The Union Democrat

Communicat­ion is key between doctor, patient

- Keith Roach, M.D. Email Dr. Roach, M.D., at Toyourgood­health@ med.

DEAR DR. ROACH: It has been almost a year now that I had my physical with my general doctor, and I'm mulling over whether to return to her for this year's physical. I am a 73-year-old man with usually unremarkab­le physical exams except for low HDL. I have a history of paroxysmal atrial fibrillati­on, with having had two cardiac ablations, in 2005 and 2007. I still have intermitte­nt ventricula­r contractio­ns. I am still reeling from the fact that during my last physical exam my doctor never gave me an EKG. It was only upon getting ready to conclude the exam that I had to request one. She begrudging­ly said, “It's not really needed, but if you want one ...” The result was normal. What is your take on this? J.S.

ANSWER: There is no good evidence that getting an EKG on an otherwise healthy person leads to any good outcome, and I suspect that's why your doctor did not order it. However, you aren't an otherwise healthy person: You have had a cardiac ablation that has failed, presumably, since you needed a second ablation. Checking periodical­ly to make sure you are still in normal rhythm (not atrial fibrillati­on) seems to be a very good idea to me.

It may be that she expected your cardiologi­st to do this, but if you aren't seeing your cardiologi­st regularly, or they aren't doing it, then I think it appropriat­e for your general doctor to check the EKG.

Communicat­ion is the key here. Explaining why you feel you need the EKG given your history is likely to lead to a more satisfying experience. Alternativ­ely, you should see your cardiologi­st to make sure your heart issues are dealt with by an expert, and leave to your general doctor the care of the rest of your body.

DEAR DR. ROACH: My gastroente­rologist has prescribed colestipol for irritable bowel syndrome with diarrhea. It is working great with only one dose a day (he prescribed two doses, but I could not tolerate the constipati­on). Is this medicine OK for long-term use? Should I continue my cholestero­l meds with it? After years of trial and error, we have found something that works.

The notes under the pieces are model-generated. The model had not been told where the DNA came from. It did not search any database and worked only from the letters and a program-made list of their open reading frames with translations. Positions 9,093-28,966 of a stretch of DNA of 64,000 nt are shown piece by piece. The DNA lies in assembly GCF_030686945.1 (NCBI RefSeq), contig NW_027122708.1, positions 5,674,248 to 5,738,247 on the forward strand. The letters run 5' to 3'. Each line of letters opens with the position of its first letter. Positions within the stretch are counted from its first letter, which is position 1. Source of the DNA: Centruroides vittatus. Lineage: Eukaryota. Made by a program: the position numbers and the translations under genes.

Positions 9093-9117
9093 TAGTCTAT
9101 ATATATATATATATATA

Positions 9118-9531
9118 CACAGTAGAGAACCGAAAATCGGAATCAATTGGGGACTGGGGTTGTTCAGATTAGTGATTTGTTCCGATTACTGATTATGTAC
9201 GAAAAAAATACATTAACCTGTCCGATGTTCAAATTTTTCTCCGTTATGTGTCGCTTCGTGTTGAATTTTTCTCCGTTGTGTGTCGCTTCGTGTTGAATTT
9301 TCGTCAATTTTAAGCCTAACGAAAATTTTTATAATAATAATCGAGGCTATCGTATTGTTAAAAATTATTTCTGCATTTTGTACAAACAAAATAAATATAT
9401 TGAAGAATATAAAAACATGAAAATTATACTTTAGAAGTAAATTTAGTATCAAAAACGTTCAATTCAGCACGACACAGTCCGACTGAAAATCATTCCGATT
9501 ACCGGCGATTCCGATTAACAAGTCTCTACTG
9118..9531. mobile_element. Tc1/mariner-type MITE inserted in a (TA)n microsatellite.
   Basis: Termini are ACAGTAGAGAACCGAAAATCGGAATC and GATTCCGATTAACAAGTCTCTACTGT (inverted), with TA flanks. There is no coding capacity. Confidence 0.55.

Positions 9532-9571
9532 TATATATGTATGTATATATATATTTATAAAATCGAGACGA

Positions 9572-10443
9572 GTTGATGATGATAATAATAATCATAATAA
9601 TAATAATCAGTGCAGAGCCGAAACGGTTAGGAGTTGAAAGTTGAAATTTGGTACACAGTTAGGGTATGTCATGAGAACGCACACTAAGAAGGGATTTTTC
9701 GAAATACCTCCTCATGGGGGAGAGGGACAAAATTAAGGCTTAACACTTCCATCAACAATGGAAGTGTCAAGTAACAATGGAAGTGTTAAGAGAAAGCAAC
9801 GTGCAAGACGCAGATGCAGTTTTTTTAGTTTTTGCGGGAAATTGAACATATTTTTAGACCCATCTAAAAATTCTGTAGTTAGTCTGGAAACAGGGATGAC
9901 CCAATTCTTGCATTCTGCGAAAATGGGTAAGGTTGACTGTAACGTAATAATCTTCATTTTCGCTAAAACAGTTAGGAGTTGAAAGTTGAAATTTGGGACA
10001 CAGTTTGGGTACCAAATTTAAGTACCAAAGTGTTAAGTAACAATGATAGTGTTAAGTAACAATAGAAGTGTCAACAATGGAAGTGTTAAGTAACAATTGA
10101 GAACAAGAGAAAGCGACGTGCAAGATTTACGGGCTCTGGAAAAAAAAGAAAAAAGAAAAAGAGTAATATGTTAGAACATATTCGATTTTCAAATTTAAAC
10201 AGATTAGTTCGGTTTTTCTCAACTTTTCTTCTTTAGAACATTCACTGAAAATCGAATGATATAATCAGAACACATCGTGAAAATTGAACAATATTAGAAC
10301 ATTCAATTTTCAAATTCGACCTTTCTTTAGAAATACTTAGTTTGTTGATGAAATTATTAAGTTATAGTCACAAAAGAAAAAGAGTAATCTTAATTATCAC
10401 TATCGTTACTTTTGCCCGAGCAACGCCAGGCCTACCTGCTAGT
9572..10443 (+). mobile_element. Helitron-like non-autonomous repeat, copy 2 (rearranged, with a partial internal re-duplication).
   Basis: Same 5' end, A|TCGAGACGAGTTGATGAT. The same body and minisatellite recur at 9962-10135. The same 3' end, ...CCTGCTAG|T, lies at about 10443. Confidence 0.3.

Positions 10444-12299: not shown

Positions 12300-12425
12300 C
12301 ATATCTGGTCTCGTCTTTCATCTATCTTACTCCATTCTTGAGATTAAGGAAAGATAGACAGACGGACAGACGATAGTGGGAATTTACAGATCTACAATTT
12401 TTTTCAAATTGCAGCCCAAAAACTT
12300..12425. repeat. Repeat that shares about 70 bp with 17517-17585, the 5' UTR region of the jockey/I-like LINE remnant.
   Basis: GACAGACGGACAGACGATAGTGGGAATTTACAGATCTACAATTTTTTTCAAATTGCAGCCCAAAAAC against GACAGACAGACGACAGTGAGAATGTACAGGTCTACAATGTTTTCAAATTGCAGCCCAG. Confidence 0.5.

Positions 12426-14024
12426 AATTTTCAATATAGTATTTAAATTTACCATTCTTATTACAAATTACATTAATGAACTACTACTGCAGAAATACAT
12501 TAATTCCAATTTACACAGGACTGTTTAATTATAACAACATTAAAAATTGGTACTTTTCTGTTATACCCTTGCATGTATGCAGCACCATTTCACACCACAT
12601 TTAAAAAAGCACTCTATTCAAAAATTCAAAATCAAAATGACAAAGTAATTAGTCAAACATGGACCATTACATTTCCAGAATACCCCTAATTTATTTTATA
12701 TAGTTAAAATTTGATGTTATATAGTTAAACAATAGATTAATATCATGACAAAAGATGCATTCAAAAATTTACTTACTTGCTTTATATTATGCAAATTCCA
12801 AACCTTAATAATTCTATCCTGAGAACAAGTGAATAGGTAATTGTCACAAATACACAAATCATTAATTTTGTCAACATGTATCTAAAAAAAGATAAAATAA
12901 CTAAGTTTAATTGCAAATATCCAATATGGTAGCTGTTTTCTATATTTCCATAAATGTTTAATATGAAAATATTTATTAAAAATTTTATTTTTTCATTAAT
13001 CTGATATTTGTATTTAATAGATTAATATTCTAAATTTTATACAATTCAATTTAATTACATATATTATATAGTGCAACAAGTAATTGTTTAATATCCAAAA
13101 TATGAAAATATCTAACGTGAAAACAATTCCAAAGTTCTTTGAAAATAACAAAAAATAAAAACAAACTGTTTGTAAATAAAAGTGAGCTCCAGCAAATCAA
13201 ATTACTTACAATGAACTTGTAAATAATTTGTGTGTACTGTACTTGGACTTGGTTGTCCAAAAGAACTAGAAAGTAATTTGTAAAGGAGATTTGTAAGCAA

C.H. ANSWER: Colestipol is used in treating high cholestero­l. It works by binding with the bile acids and lowdensity lipoprotei­n cholestero­l. It is moderately effective for treating cholestero­l and is considered very safe.

A dose-limiting side effect for many people is the constipati­on. Your gastroente­rologist is taking advantage of this to treat your irritable bowel syndrome with diarrhea. I approve completely: It's a less-wellknown treatment but in the right situation is both safe and effective, especially at the lower dose. Some people need much higher doses for effectiven­ess.

The doctor who prescribes your other cholestero­l medicine should definitely check your levels. It's possible you may need less of whatever other medication you are taking. Since statins are much better proven to reduce the risk of heart attack and stroke, I would be loath to entirely stop a statin in a person taking colestipol or similar drug, such as cholestyra­mine. Finally, although colestipol lowers LDL cholestero­l, it can raise triglyceri­des, so that may need keeping an eye on.

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